Monday night marked the final meeting of the current Washington County Commission. Tomorrow morning, the commissioners who were elected during the May primaries and August general elections will be sworn into office.
Like any entertaining act, the current commission left with a final set that included renditions of some of its more memorable numbers.
There was the commissioner who made a joke about suicide during a discussion of suicide prevention awareness month.
There was the commissioner who called for a vote during a public hearing, before all the citizens who had come to speak in favor of a zoning change had spoken, and before any of the citizens who had come to speak in opposition had their say.
There was the commissioner who asked a question that had already been answered twice, then zoned out as the answer was being given the third time, talking with another commissioner instead of listening.
There was the commissioner who has in the past been given to grandstanding, taking time to challenge the next commission to do as well as this commission has done, then, after the meeting, loudly proclaiming on the front walkway of the George Jaynes Justice Center that the new county commission had been, “bought,” and that, “the Al Capone days are back.”
I have no desire to call these commissioners by name in this space, because they will be former commissioners tomorrow. They have done all the service they can do for the county in the role of commissioner, and we are grateful.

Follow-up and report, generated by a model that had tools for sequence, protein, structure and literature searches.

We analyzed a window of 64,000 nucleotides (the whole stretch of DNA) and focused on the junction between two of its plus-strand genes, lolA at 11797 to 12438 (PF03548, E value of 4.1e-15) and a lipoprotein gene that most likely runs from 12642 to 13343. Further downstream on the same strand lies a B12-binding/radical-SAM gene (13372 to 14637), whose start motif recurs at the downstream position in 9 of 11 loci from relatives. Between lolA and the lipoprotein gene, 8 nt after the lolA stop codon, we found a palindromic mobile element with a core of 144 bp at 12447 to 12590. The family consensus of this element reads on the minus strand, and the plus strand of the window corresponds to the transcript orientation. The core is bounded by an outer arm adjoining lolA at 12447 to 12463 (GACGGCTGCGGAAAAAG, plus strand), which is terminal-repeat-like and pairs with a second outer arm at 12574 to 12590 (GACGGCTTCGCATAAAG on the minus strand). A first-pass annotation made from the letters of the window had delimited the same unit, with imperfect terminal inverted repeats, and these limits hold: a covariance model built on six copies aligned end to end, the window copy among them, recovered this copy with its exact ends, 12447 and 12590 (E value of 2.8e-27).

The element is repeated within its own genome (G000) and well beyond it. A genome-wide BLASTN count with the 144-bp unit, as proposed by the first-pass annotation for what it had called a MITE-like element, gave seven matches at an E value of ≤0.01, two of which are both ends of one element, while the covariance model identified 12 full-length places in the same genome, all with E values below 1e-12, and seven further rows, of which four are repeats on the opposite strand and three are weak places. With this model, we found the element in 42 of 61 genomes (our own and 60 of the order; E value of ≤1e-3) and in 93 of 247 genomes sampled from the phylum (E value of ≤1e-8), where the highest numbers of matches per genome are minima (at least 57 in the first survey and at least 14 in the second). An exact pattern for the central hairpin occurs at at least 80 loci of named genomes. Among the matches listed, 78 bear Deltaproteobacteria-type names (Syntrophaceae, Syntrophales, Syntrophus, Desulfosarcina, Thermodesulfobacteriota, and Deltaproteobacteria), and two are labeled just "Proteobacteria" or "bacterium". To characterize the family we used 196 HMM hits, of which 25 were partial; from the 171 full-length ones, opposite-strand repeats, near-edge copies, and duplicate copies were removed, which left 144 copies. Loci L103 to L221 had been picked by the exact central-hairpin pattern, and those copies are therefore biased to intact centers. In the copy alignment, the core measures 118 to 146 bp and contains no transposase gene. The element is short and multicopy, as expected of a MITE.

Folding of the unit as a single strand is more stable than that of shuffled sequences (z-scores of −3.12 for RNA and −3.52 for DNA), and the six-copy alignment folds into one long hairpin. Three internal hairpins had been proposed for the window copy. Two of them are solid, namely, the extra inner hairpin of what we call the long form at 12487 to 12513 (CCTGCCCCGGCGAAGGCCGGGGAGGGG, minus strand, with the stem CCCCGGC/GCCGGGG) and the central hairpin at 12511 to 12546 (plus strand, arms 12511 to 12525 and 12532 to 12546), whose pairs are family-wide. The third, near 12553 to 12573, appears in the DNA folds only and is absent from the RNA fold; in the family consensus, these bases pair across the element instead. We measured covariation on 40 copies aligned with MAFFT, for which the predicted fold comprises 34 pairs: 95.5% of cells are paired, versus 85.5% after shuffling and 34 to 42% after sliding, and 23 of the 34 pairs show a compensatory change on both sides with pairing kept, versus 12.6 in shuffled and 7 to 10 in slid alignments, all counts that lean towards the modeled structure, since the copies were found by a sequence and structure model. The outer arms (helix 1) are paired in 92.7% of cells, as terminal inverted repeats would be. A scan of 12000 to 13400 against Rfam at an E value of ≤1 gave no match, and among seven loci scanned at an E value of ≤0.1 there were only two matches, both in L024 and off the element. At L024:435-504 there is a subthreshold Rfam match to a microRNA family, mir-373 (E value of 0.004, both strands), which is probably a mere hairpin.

The main thing for which I am grateful, however, is the fact that most of the next class of commissioners was in attendance in the gallery at Monday night’s meeting, and that this attendance is nothing new. Several of the commissioners who will place their hands on the Bible tomorrow morning will do so having attended most of this year’s commission meetings. They are aware of the issues they will face in their first year.
These new commissioners have seen the cautionary tale the current commission has offered. They have seen commissioners cast votes without knowing what they were voting on. They have seen meetings turn contentious over imagined slights. And they have seen an at-times-alarming ignorance of procedure.
But if these new commissioners were paying close attention, they also saw some shining examples of good government. They saw the commission act swiftly in responding to the recent tornado in Gray. They saw a government that made cuts without raising the property tax rate in a time of flat revenues, using debt refinancing (though this approach is about tapped out). They saw the actions of a chairman who had the ideal temperament to handle a feisty group, earning respect from all sides while never losing control of a meeting.
The new commission will face serious and sometimes politically charged issues. And it will have the opportunity to do so early and often.
The matter of eliminating benefits for commissioners is likely to be brought up quickly, as is the matter of cutting the size of the commission. A new budget committee is scheduled to be named this week, and it must set to work to insure the county citizens receive the services necessary, but delivered in a more efficient way than ever before. The county must be governed more efficiently, and this new commission will be challenged to do so from day one.
As a regular attendee of commission meetings, and as a citizen of Washington County, I am excited. Time will tell if my optimism for this new commission is warranted, but I believe that the voters of this county have elected a slate of commissioners who have the opportunity and the wherewithal to be far more productive, albeit less entertaining, than their predecessors.